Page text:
A fake email that appeared to be sent by President L. Rafael Reif addressing all of MIT was sent to all MIT dorms around 1 a.m. early Wednesday morning, announcing that all classes would be cancelled that day, due to “threatening requests” regarding the Swartz case. The email followed a letter from Reif on Tuesday to the MIT community laying out the Institute’s plans for releasing evidence from the Swartz case.
MIT’s Kendall upzoning petition to Cambridge, which would allow for the construction of new commercial and residential towers on the east side of campus, expires on April 15. As that deadline nears, executives of MIT and the MIT Investment Management Company (MITIMCo) have been eager to see the City Council approve the petition, even as the conversation within MIT has exposed a rift between the proposal’s supporters and opponents.
An area of low pressure just offshore will slowly drift away today, allowing for clear skies to overspread our region. The low pressure brought some snow yesterday and slick conditions in areas closer to Cape Cod. Any chances for light snow will occur early this morning. By afternoon and evening, skies should become partly cloudy and winds will increase.
NEW YORK — A man who prosecutors said was an overseas operative of al-Qaida during the years following the Sept. 11 attacks was charged in Brooklyn with a host of terrorism charges, in the latest example of a foreigner accused of acts of terrorism abroad being extradited to American courts.
SEOUL, South Korea — Computer networks running three major South Korean banks and the country’s two largest broadcasters were paralyzed Wednesday in attacks that some experts suspected originated in North Korea, which has consistently threatened to cripple its far richer neighbor.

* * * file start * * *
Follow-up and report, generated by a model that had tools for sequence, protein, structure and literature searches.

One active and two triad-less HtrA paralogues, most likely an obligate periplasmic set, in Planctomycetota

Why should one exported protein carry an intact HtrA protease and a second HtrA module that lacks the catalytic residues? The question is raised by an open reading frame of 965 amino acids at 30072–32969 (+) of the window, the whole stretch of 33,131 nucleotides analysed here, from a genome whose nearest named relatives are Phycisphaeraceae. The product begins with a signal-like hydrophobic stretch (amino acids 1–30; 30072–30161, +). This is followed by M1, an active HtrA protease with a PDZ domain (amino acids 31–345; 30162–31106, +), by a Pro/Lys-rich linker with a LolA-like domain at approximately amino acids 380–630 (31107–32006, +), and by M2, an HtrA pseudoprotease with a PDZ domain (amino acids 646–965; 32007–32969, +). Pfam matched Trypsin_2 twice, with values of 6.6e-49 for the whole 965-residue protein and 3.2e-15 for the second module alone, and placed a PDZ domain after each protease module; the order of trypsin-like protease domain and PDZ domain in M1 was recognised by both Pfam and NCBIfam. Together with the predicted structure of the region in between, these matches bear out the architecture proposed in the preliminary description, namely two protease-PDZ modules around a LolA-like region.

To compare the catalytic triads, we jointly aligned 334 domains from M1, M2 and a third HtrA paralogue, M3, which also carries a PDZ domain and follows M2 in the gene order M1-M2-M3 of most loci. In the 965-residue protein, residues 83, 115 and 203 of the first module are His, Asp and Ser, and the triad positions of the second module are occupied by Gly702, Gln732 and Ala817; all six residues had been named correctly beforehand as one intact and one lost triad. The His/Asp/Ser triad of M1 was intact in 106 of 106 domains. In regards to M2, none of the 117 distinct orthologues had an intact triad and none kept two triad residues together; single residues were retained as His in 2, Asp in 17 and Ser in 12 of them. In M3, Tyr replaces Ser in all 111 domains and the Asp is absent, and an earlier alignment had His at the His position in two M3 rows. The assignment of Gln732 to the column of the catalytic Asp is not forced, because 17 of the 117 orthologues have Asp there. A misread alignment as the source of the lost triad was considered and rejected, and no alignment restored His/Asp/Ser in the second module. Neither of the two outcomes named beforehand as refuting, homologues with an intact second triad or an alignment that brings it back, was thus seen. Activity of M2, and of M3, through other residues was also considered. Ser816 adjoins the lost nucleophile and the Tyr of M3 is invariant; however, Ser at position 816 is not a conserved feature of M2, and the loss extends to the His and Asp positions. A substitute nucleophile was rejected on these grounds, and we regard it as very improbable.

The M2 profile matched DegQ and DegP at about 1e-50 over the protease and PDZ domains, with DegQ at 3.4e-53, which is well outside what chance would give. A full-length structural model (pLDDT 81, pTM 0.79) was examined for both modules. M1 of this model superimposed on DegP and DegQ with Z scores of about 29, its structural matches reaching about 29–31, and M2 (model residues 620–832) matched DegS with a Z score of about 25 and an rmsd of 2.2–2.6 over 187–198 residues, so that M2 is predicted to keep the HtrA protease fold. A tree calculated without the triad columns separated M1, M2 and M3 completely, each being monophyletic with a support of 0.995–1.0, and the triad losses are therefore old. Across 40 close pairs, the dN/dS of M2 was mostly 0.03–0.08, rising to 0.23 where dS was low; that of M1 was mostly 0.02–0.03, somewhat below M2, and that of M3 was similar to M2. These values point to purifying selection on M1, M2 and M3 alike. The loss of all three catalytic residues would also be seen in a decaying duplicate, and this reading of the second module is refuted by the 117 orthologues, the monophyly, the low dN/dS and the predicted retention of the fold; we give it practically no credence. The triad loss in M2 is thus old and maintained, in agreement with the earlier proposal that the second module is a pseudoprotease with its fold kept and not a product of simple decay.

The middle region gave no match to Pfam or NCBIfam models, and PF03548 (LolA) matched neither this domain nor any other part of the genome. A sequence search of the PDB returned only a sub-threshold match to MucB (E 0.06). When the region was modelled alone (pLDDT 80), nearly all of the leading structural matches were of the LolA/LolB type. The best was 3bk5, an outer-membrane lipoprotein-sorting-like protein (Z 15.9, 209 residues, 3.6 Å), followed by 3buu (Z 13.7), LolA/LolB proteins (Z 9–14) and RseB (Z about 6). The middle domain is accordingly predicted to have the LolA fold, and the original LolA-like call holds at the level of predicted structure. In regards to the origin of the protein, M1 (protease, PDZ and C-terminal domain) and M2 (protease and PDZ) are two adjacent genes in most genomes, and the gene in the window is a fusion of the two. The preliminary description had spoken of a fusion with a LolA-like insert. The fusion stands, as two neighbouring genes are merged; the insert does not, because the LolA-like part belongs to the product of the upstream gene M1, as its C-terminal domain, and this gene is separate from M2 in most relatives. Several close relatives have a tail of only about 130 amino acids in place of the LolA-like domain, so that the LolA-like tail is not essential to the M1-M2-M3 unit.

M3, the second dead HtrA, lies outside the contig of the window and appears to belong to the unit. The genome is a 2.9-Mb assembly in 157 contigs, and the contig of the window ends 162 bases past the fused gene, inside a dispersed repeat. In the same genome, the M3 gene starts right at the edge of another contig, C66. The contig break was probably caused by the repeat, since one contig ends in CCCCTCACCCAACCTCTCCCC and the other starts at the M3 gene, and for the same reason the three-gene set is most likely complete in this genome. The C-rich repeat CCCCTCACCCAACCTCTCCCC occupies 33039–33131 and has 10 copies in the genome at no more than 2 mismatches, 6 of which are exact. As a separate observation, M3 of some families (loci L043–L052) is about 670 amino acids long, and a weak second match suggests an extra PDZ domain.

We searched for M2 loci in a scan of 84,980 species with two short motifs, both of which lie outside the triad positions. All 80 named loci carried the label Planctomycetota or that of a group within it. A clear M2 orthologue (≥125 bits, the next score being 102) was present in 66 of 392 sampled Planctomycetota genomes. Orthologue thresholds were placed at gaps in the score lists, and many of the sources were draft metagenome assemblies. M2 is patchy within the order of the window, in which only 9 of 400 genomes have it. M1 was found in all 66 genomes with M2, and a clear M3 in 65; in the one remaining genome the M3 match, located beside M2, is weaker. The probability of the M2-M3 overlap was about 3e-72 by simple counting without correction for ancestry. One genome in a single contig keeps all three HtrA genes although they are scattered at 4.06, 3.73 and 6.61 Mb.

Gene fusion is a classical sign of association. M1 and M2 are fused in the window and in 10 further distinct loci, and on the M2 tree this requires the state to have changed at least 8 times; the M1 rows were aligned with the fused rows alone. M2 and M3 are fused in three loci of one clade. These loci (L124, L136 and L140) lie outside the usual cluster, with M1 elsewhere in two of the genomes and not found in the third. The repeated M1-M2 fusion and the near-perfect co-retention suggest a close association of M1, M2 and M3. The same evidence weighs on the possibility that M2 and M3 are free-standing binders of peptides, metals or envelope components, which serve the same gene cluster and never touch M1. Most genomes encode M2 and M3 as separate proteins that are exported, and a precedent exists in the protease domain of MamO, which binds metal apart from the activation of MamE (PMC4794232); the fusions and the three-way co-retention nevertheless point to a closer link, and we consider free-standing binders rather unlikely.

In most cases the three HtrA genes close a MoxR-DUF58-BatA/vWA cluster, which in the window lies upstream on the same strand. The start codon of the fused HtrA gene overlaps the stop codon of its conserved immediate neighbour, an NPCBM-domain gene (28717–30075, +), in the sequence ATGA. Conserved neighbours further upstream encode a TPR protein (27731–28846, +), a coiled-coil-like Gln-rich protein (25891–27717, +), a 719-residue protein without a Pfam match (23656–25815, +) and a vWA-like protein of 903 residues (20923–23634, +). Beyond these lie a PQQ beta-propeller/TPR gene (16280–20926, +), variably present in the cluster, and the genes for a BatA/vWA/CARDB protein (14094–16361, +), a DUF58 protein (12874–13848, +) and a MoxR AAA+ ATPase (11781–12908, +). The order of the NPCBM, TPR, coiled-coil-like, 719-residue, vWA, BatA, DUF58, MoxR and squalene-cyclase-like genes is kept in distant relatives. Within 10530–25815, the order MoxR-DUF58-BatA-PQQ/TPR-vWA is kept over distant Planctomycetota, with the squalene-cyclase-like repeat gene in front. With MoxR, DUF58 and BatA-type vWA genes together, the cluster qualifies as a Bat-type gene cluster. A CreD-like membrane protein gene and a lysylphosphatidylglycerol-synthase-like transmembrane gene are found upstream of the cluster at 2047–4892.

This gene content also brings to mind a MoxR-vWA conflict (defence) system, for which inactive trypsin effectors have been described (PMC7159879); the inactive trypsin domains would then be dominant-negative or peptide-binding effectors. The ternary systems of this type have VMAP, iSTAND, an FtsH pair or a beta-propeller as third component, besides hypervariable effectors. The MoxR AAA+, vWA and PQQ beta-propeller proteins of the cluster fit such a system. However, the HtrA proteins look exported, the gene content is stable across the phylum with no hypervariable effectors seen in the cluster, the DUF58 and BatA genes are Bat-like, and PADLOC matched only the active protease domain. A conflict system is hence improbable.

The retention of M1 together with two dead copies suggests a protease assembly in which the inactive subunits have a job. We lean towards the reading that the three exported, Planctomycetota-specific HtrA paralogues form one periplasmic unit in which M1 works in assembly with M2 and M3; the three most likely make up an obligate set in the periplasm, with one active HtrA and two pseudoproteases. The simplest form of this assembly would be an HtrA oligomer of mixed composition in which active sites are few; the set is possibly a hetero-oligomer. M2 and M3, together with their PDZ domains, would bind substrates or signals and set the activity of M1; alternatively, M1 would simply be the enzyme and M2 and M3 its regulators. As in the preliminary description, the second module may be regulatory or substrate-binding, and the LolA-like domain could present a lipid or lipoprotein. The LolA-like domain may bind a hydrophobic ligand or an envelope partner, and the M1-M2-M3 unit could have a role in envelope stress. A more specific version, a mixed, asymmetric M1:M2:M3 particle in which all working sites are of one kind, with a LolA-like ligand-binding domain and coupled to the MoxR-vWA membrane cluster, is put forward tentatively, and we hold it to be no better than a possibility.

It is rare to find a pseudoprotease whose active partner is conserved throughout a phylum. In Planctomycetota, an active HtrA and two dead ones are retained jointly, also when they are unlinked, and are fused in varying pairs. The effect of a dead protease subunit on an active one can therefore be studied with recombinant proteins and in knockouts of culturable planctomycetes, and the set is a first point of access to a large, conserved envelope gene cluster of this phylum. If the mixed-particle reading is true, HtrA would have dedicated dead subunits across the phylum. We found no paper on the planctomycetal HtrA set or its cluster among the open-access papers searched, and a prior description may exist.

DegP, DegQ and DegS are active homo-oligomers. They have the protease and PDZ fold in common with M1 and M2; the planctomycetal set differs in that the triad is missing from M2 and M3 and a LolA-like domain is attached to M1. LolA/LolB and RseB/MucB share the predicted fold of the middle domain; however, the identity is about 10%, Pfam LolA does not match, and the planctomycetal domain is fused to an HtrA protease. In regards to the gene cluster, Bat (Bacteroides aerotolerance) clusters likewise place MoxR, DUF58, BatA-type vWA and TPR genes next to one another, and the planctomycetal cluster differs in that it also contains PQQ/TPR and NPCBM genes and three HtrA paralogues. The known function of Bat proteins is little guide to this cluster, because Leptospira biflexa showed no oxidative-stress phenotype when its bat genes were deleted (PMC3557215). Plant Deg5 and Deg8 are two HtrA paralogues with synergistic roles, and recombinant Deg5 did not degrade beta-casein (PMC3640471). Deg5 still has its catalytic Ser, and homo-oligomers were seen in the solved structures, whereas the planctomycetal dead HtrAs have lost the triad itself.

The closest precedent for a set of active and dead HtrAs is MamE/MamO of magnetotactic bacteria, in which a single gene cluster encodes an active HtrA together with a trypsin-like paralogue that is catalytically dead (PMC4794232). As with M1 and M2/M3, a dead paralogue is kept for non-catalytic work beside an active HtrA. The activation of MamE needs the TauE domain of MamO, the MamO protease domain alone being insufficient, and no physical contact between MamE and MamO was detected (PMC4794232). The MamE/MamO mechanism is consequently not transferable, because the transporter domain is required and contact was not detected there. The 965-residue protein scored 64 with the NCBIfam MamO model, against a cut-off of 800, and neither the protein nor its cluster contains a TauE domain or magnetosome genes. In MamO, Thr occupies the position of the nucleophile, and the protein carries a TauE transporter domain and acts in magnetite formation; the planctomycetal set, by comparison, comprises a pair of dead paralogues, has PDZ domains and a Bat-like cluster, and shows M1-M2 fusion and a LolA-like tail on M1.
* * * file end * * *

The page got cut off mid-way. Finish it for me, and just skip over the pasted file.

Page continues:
SYDNEY — The embattled prime minister of Australia, Julia Gillard, was fighting for her political life Thursday after she accepted a public demand for a leadership ballot put forward by a senior lawmaker from her ruling Labor Party, who said that the party’s only hope of prevailing in upcoming elections was to return to office the man Gillard deposed in a 2010 party coup.
CAIRO — President Mahmoud Abbas of the Palestinian Authority is so eager to return to peace talks with the Israelis that he may soften his demand that Israel’s president publicly pledge to halt construction of new settlements on Palestinian land before such negotiations can resume.
WASHINGTON — Employment has been increasing at a healthy clip for the last few months, but the Federal Reserve is not ready to relax just yet.
JERUSALEM — Showing solidarity with Israel’s growing concern about chemical weapons in neighboring Syria, President Barack Obama stated bluntly Wednesday that if an investigation he had ordered found proof that the Syrian military had used such weapons it would be a “game changer” in U.S. involvement in the civil war there.
MIT and the city of Cambridge, we like to think, generally have a beneficial effect on one another, and this happens best when we all work together. The Cambridge City Council is currently considering a re-zoning proposal presented by the MIT Investment Management Company that has the potential to transform Kendall Square more than any other project in decades. If done well, with a sensitivity to the various groups that will be affected, both in the neighborhoods and on your campus, this could be a terrific addition to the city and to the Institute.